Learning Networks are online social networks designed to support non-formal learning; they are therefore particularly suitable for self-directed learners. In Learning Networks, learners need to acquire knowledge through knowledge sharing with other participants. However, without a support structure, learners have to organize knowledge sharing themselves, and this could induce extraneous cognitive load. When working on complex learning tasks, this organizing process could have a detrimental effect on knowledge acquisition. To optimize cognitive load, we propose to use a particular type of collaborative learning, peer tutoring, as a support structure. Its mechanisms reduce, we argue, the extraneous load imposed by organizing knowledge sharing as well as induce germane load by directing the freed cognitive capacity to processes that contribute to knowledge acquisition.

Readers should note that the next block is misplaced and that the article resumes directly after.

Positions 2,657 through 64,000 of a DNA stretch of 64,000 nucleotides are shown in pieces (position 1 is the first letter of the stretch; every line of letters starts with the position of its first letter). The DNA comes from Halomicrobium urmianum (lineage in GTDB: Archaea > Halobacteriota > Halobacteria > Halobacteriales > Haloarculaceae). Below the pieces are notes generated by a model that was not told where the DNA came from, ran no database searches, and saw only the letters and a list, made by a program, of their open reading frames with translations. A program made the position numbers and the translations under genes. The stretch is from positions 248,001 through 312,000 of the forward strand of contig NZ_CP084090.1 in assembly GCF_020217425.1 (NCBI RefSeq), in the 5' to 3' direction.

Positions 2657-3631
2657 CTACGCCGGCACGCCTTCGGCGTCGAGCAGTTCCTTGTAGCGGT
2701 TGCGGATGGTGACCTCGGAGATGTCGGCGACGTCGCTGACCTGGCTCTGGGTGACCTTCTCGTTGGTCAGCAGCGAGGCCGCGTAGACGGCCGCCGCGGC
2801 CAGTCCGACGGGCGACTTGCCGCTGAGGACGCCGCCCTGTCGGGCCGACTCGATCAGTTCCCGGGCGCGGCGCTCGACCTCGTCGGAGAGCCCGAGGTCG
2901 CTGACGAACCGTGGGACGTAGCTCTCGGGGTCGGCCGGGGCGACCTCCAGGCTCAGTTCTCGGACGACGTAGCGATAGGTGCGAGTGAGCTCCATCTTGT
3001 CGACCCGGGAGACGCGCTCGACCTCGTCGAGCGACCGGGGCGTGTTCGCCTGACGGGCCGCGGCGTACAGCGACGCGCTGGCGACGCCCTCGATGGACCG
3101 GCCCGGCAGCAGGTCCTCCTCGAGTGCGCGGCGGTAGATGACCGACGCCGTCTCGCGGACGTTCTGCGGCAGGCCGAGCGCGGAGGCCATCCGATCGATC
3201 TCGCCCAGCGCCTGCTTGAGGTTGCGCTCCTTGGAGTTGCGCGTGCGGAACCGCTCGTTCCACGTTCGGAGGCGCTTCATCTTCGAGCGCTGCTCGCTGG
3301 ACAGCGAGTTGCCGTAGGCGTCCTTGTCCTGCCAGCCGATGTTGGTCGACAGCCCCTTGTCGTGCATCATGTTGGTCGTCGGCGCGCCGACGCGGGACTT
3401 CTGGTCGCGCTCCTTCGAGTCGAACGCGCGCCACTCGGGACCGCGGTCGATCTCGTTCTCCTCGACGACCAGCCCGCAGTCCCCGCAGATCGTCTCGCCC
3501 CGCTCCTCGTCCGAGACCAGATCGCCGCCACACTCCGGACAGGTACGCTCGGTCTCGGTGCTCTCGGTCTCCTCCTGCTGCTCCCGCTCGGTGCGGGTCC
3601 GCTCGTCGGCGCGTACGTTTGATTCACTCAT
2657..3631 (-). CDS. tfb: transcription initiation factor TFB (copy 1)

Research Professor on society, culture, art, cognition, critical thinking, intelligence, creativity, neuroscience, autopoiesis, self-organization, complexity, systems, networks, rhizomes, leadership, sustainability, thinkers, futures ++
5000 Posts in this Blog
- Follow Learning Change on WordPress.com